How Reliable Are These Things?

To be honest, right now, not that much. I wouldn’t rely on any publicly available LLM for decision-making of any kind (coding, advice, or even accurate summarization), although every iteration improves things noticeably.

Sure, some of the and “style transfer” is pretty hilarious, but LLMs still have trouble with basic math, let alone writing reliable code2–they’re not even that useful at “rubber ducking” a problem.

Outputs are generally shallow and LLMs still have trouble creating coherent long form without hallucinating, but I do think they can be useful as baselines for a human to improve upon, as long as that person has a good enough grasp of the problem domain to spot obvious flaws in “reasoning” (not just incorrections, but also gaps) and the willingness to double check any references.

Of course, any of those sanity checks seem absent from a lot of the hype-driven discussions I’m seeing online… But, more to the point, LLMs do seem to knock things out of the park for short interactions.

Which is why I think the search market disruption gambit is going to pay off handsomely–LLMs make for a much better search experience because you get adjacent information you would otherwise be unable to get from either direct or statistical matches (and you don’t get pesky ads, keyword squatters, etc.)

How Manageable Are These Things?

This is where I have the most doubts, to be honest.

The current “programming paradigm” is hopelessly primitive, and all the early deployment shenanigans prove it–prompt stealing and prompt injection attacks (which can be much more interesting than you’d expect) remind me of all the loopholes Asimov managed to squeeze out of The Three Laws of Robotics.

Plus the ease with which the models “hallucinate” and veer off into the wild blue yonder were, until recently, being dealt with by ham-fisted tactics like limiting the number of consecutive interactions with the model.

In short, it all feels… very Sorceror’s Apprentice, to be honest.

And I don’t think “stacking” models or just creating embeddings is going to help here–long-term curation of model inputs is going to be key.

Which means time-consuming, costly, and ever more challenging work to improve general purpose LLMs, especially those targeting search (where having non-AI generated training sets is going to be harder and harder).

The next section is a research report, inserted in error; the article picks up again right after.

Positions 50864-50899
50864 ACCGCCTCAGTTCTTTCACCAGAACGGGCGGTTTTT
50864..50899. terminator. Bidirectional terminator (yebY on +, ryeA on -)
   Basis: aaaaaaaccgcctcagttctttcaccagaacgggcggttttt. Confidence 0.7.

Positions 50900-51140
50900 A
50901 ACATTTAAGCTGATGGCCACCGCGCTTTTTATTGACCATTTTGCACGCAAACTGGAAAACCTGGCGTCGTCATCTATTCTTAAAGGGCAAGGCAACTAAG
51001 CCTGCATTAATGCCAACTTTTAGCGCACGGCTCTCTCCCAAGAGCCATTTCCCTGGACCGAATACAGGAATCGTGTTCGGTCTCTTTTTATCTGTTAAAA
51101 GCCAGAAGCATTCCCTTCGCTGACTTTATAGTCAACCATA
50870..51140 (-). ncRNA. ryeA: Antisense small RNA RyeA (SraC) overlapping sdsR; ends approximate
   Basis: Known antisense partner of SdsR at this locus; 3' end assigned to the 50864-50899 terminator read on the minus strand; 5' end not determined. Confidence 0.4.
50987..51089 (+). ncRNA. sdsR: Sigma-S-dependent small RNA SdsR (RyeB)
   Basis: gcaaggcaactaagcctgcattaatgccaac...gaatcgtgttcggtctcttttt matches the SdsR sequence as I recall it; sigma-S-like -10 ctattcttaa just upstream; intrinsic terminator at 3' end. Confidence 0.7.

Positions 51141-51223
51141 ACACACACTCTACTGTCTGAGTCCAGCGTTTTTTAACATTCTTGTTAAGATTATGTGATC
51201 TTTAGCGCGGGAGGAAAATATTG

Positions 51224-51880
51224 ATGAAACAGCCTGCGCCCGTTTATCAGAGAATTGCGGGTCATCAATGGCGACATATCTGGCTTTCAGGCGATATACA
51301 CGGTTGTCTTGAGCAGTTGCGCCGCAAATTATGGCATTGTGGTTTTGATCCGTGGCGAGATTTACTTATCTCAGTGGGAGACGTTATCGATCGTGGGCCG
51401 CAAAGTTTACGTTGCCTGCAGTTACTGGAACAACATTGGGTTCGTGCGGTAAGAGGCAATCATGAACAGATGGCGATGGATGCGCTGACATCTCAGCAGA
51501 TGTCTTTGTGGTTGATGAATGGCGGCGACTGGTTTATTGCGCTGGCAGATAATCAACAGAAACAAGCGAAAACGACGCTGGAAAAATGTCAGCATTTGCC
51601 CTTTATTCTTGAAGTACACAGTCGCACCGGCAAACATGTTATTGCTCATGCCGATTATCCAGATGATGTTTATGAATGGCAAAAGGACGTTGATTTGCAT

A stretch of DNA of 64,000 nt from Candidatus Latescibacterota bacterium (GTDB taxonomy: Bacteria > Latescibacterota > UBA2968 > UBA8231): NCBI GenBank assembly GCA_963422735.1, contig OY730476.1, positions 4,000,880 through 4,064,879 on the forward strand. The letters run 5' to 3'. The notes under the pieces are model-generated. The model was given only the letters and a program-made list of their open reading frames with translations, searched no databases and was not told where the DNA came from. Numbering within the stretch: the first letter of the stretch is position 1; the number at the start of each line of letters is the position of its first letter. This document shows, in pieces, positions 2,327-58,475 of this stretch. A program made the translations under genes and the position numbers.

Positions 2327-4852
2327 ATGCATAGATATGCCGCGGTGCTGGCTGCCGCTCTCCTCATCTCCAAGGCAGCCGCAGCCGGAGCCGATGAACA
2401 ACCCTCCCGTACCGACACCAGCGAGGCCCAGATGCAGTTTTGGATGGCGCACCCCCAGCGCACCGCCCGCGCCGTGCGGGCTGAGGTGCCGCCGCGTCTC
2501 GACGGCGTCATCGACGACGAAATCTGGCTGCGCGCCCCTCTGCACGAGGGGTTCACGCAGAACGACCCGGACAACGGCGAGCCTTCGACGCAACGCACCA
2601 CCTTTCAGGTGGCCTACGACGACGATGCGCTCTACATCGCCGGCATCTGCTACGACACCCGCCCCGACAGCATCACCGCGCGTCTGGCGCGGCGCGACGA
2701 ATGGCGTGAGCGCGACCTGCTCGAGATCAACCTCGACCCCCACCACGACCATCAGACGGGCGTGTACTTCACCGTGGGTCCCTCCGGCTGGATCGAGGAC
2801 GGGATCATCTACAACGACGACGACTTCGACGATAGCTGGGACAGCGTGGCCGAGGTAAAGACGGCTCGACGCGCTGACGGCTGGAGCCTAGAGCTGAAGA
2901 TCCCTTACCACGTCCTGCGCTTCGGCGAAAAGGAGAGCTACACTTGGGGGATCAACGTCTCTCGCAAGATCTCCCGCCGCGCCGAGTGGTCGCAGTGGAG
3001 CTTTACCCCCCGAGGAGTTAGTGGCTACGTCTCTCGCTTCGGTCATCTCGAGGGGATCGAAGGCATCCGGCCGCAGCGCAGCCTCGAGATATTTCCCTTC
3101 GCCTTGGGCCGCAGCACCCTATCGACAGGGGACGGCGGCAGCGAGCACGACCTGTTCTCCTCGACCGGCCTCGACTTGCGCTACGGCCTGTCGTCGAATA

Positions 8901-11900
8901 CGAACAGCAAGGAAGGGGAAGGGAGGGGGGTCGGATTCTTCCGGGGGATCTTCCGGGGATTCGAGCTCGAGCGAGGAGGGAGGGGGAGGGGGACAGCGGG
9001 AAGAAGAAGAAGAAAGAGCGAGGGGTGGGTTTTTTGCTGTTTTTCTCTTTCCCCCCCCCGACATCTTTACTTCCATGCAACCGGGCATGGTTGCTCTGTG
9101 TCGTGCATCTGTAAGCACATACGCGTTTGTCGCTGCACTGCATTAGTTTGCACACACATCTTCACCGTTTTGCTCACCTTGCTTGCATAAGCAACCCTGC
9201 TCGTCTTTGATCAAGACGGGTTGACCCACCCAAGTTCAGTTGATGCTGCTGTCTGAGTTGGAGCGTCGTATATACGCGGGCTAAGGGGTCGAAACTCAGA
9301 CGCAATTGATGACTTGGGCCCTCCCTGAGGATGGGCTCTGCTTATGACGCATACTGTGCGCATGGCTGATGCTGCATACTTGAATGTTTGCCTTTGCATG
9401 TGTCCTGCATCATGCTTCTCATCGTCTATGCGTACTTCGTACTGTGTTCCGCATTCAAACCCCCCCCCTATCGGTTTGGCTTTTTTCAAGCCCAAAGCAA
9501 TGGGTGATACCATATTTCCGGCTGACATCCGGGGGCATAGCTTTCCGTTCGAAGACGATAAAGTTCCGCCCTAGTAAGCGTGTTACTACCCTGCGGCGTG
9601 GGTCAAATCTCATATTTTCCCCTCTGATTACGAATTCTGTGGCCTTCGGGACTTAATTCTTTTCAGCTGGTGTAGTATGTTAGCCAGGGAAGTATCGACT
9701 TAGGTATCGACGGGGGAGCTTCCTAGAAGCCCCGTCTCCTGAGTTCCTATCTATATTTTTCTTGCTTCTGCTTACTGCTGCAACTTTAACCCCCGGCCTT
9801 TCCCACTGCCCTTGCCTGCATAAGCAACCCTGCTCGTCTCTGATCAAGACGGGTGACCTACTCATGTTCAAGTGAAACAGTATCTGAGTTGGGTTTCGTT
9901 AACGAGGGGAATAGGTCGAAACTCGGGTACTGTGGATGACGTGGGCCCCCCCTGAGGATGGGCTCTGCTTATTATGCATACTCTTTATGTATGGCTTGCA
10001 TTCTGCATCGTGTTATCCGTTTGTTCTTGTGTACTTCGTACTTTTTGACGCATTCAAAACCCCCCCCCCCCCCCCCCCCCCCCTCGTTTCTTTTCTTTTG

Fast Iteration, But What About Fast Training?

Another important constraint that is being glossed over is that there is no easy, immediate feedback loop to improve an LLM–in the current chat-like interaction models you can add more context to a session, but:

  • It doesn’t really “stick”–sometimes not even subsequent invocations (even if the session wrappers are continuously improving, you’re effectively adding stubs to the original prompt, and that can only go so far).
  • Any on-the-fly corrections don’t become part of the core model (you need to have a full training iteration).

These things can be worked around, but are fundamental limitations–and yet, they don’t have any real consequence for simple one-shot tasks like “summarize this webpage” and most of the “productivity boosters” we’re likely to see over the coming months.

But they do compound my notion that LLMs feel more like an impressive party trick than a broadly sweeping change in paradigm–at least for now. Their real impact lies elsewhere, and most likely beyond the obvious chatbot scenarios.

It would be nice to take away a lot of the drudgery we’ve baked into computer use (as well as several typical knowledge worker tasks), although there are interesting (and risky) implications in empowering certain kinds of people to mass-produce content3


So where does this leave us?

Well, we’re clearly in the upward swing of the hype cycle. And, like I pointed out at the start of this piece, I’ve been there before–the quick iteration, the optimizations, the unexpected new techniques in established domains, and the fallout (both good and bad). Those parts are to predict.

The big difference this time is that for users, the barrier to entry is effectively nil, and, again, the outputs are way better (and more impressive) than anything else we’ve seen before. Even if it’s still just a more elaborate Chinese Room, there is a lot more public interest and momentum than is usual in most tech hype cycles.

So yes, this one is going to be a bumpy ride, and not just for geeks. Make sure you have your metaphorical seat belt on tight.

  1. And while I was revising this Pytorch 2 came out, with a nearly 50% performance boost for image models–I’m just waiting for xformers to fall in line to upgrade my setup… ↩︎

  2. I routinely try to get LLMs to, say, invert a heap, or even to compose SQL queries (which I hate doing), and the results are always abysmal. I can’t even imagine how badly they would fare in medicine or law. ↩︎

  3. And I don’t mean political parties or nation states here. The prospect of mass-produced A.I.-accelerated reports, presentations, memos, etc. should be enough to give any corporate knowledge worker pause.. ↩︎